The Old West of the Westerns
Arizona's Monument Valley defined the landscape for Westerns, beginning in 1939 when director John Ford made "Stagecoach" starring John Wayne. Nearly 500,000 people travel each year to the Navajo Reservation to see Monument Valley's towers of rocks.
Another icon of the Old West is Tombstone, Arizona, "the town too tough to die," At the The O.K. Corral you can walk where Wyatt Earp and Doc Holliday had a famous gunfight, and maybe even see a re-enactment too.
Arizona has long been a popular destination for dude ranches. One that I particularly like, Ranchos de los Caballeros, is a low-key authentic "ranch resort" (which means you can expect golf and spa, in addition to horseback riding), with 60 years of dude ranch history.
Prescott National Forest has mountains, desert grasslands, chaparral, and place names like Lonesome Pocket and Horsethief Basin. The giant saguaro cactus can be seen in abundance at Saguaro National Monument, while Petrified Forest National Monument contains vast areas of petrified logs that were living trees before the dinosaurs.
Of course the granddaddy of Arizona's natural wonders is the Grand Canyon, which was created 5 to 20 million years ago through erosion by the Colorado River.
Native American Culture
Awesome in the true sense of the word, Canyon de Chelly, (pronounced "Chey") is near Chinle, in the heart of the Navajo Nation. Centuries ago, the Anasazi (Old Ones) lived in this Canyon. Today, the Navajo keep sheep on the Canyon floor. Visitors can drive on the rim and peer down at overlooks, or descend by hiking, horseback riding, or jeep tours.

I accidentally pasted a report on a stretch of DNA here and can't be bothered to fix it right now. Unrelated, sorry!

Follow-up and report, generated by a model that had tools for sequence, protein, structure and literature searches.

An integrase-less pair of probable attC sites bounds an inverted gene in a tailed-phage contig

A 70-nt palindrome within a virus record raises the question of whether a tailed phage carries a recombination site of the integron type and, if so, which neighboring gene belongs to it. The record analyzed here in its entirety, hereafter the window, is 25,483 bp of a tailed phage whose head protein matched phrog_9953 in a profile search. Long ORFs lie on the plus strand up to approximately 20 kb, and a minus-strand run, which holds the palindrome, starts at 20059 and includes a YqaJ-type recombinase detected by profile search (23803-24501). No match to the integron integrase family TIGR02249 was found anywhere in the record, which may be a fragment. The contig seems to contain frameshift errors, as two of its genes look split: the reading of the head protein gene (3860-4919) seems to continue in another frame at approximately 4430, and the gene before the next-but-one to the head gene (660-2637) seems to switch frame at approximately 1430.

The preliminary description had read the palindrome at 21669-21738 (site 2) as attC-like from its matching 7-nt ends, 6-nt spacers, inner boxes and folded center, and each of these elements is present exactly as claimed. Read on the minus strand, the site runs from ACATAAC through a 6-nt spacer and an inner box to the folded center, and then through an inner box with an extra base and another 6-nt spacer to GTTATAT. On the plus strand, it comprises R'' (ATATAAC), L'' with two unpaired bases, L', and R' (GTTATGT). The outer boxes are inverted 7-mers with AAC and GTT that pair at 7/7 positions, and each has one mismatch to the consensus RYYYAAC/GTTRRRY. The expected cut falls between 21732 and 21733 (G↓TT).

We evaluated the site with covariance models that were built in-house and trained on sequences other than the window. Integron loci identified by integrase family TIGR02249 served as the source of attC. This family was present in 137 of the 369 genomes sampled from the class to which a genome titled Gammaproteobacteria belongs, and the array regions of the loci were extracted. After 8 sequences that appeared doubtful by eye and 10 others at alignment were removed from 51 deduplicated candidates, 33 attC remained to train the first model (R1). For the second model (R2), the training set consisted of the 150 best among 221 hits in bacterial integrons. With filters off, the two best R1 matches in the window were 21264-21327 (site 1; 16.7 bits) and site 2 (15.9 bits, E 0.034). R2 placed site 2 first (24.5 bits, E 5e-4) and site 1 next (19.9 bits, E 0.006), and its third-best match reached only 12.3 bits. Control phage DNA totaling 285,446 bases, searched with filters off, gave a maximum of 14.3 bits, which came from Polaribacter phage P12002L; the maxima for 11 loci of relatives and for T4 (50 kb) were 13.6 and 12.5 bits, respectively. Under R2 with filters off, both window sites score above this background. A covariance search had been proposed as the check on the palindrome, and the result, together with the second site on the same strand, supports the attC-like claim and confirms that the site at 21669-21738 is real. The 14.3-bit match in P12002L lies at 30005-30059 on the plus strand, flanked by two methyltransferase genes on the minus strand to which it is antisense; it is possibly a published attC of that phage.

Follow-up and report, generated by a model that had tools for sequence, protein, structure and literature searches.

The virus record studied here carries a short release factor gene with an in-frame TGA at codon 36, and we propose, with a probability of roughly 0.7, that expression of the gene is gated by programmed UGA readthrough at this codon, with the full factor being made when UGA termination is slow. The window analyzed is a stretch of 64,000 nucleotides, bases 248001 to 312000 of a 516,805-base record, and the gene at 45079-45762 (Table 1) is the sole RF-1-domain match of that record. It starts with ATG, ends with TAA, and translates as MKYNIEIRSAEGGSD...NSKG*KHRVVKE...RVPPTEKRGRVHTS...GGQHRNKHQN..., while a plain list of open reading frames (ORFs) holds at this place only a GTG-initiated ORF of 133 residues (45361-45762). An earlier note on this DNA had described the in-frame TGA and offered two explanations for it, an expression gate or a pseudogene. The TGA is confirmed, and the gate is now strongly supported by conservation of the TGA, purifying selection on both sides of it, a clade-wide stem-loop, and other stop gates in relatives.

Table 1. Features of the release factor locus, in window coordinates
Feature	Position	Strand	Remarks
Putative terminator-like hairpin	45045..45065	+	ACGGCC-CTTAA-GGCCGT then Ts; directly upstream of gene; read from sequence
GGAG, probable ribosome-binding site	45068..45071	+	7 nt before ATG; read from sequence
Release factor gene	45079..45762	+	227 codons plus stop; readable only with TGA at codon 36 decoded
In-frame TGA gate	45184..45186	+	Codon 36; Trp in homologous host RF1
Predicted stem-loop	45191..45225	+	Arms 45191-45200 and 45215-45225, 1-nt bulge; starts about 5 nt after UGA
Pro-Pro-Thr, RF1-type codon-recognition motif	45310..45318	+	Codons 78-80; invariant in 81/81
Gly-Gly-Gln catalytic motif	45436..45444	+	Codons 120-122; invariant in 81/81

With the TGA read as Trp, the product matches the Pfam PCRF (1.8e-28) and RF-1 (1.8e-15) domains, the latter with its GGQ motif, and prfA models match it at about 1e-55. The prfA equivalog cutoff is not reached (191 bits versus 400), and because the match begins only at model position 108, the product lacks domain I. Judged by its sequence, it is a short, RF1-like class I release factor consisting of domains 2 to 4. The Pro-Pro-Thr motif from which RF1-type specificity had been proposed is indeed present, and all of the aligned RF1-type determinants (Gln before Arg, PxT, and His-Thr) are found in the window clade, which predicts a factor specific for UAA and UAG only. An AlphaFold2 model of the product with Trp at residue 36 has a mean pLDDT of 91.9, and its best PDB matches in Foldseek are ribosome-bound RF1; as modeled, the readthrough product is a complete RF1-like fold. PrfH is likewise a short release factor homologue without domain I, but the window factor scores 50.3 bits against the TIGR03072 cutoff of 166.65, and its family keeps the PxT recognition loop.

Without a guide, visitors can only go into the canyon on the White House Trail, which leads down to the ancient White House Ruins. The hike is steep at times, but very beautiful. If there's water in the Creek at the bottom, the kids can wade.
Kids love caves, and Arizona has some great ones: Colossal Caves, near Tucson; Grand Canyon Caverns; and Kartchner Caverns, a state park.
Baseball Spring Training
Every spring, the Cactus League welcomes MLB teams to the Phoenix-Scottsdale area for pre-season spring training. Games are more low-key and less commercialized than the regular season. Tickets are less expensive and ballparks are smaller and more intimate, providing a more relaxed atmosphere as well as opportunities to get up close to the action and even get the chance to meet players and ask for autographs.
Improbable though it is, the famous London Bridge was moved and reconstructed at Lake Havasu City, and about one and a half million tourists a year come to see it and the English Village built nearby.
Two man-made reservoirs, Lake Havasu and Lake Mead, are both popular houseboating destinations.
- The Pointe South Mountain Resort, fifteen minutes from the Phoenix airport, made itself a magnet for families by building The Oasis, its own private 6-acre waterpark. Great golf and hiking, too.
This brief profile is meant to introduce these destinations to family vacationers; please note that the writer has not visited all these destinations in person. And always check web sites for updates.
- Edited by Suzanne Rowan Kelleher